I would recommend you start with mine, of course. You know. It’s easier to get started with something new when you’re familiar with someone already involved.

“Take the 55 North” was originally written last summer. I did a trilogy of these stories without really knowing what I was going to do with them. Earlier this year, I decided that they’d integrate quite well into an idea I have for this year’s NaNo project. A very toned and tightened version story was entered into the challenge in order to make the word count. It’ll be expanded during NaNo.

The competition is stiff. I’ve read a lot of good work so far. I encourage you all to read it as well.

But start with mine first.

Murderville: The Last Joke–Episode 5

Puzzle Piece Pawn

The brain tumor information was both intriguing and possibly important, but neither Drew nor Pam could figure out where the information fit into Winchester Harmon’s murder, if it fit at all.  Pam wasn’t sure that it did, but Drew thought it must.  To Pam, it looked like it was a puzzle piece from a completely different puzzle, but it had the same color scheme of the puzzle they were working.

And then came the Sunday paper.

Since Winchester Harmon turned up dead on Pam and Drew’s front step, the police had been very mum about the investigation other than saying it was on going, they were doing everything in their power to solve the case quickly, and, of course, offering the reward for any information leading to an arrest.  But when Pam retrieved the Sunday paper from her corpse-free stoop (she didn’t want to admit that she kept expecting a fresh body to be delivered with the paper every time she opened her front door in the morning, but she did), she settled back in bed next to her lightly snoring husband, opened it up, and found a whole bunch of investigation information splashed all over the front page.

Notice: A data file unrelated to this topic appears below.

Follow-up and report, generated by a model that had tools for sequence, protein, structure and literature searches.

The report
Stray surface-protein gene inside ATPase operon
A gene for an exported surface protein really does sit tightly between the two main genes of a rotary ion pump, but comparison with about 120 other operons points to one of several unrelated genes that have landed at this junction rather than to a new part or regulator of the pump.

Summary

Anonymous sources, the only kind you would expect in an information leak like this, were quoted as saying that though police didn’t think robbery was a motive since Harmon was found with all of his cash, although his very expensive watch was missing.  The motive was still unknown, though the police had questioned the family and the mistresses.  The Frenchman wasn’t mentioned specifically, but there was something about Harmon owing money to a “golf buddy”, though it was said that the family were aware of this debt and didn’t consider it noteworthy, but police were looking for the unidentified buddy anyway.

And then there was the will.

Winchester Harmon’s will seemed to be a source of contention with his family after a reading with the lawyer.  According to the anonymous source, everything apparently went as expected until the end when the lawyer said that there was still a portion of the will remaining but that couldn’t be read.  The family reportedly became indignant about this little secret and boy, was it secret.  None of them had expected it.

Be careful of that money, Pam thought as she sipped her coffee.  No shit, Revolution Dude.

Pretty salacious for the front page, but Murderville did love a good, rich mystery surrounding a death and Winchester Harmon’s certainly played into that.

Pam was on her second read of the article (she didn’t want to miss any potential information) when Drew woke up.  He rolled over and snuggled into her side.  Pam stroked his hair absently.

“Morning,” she said, her eyes glued to the article.  She was almost finished.  “You want some coffee?”

“Do you come with it?”

“Always.”

“Yes, please.”

“Okay,” Pam said.  She finished the last lines of the article and then sat the paper on her husband’s hip.  “Read that while I get you a cup.”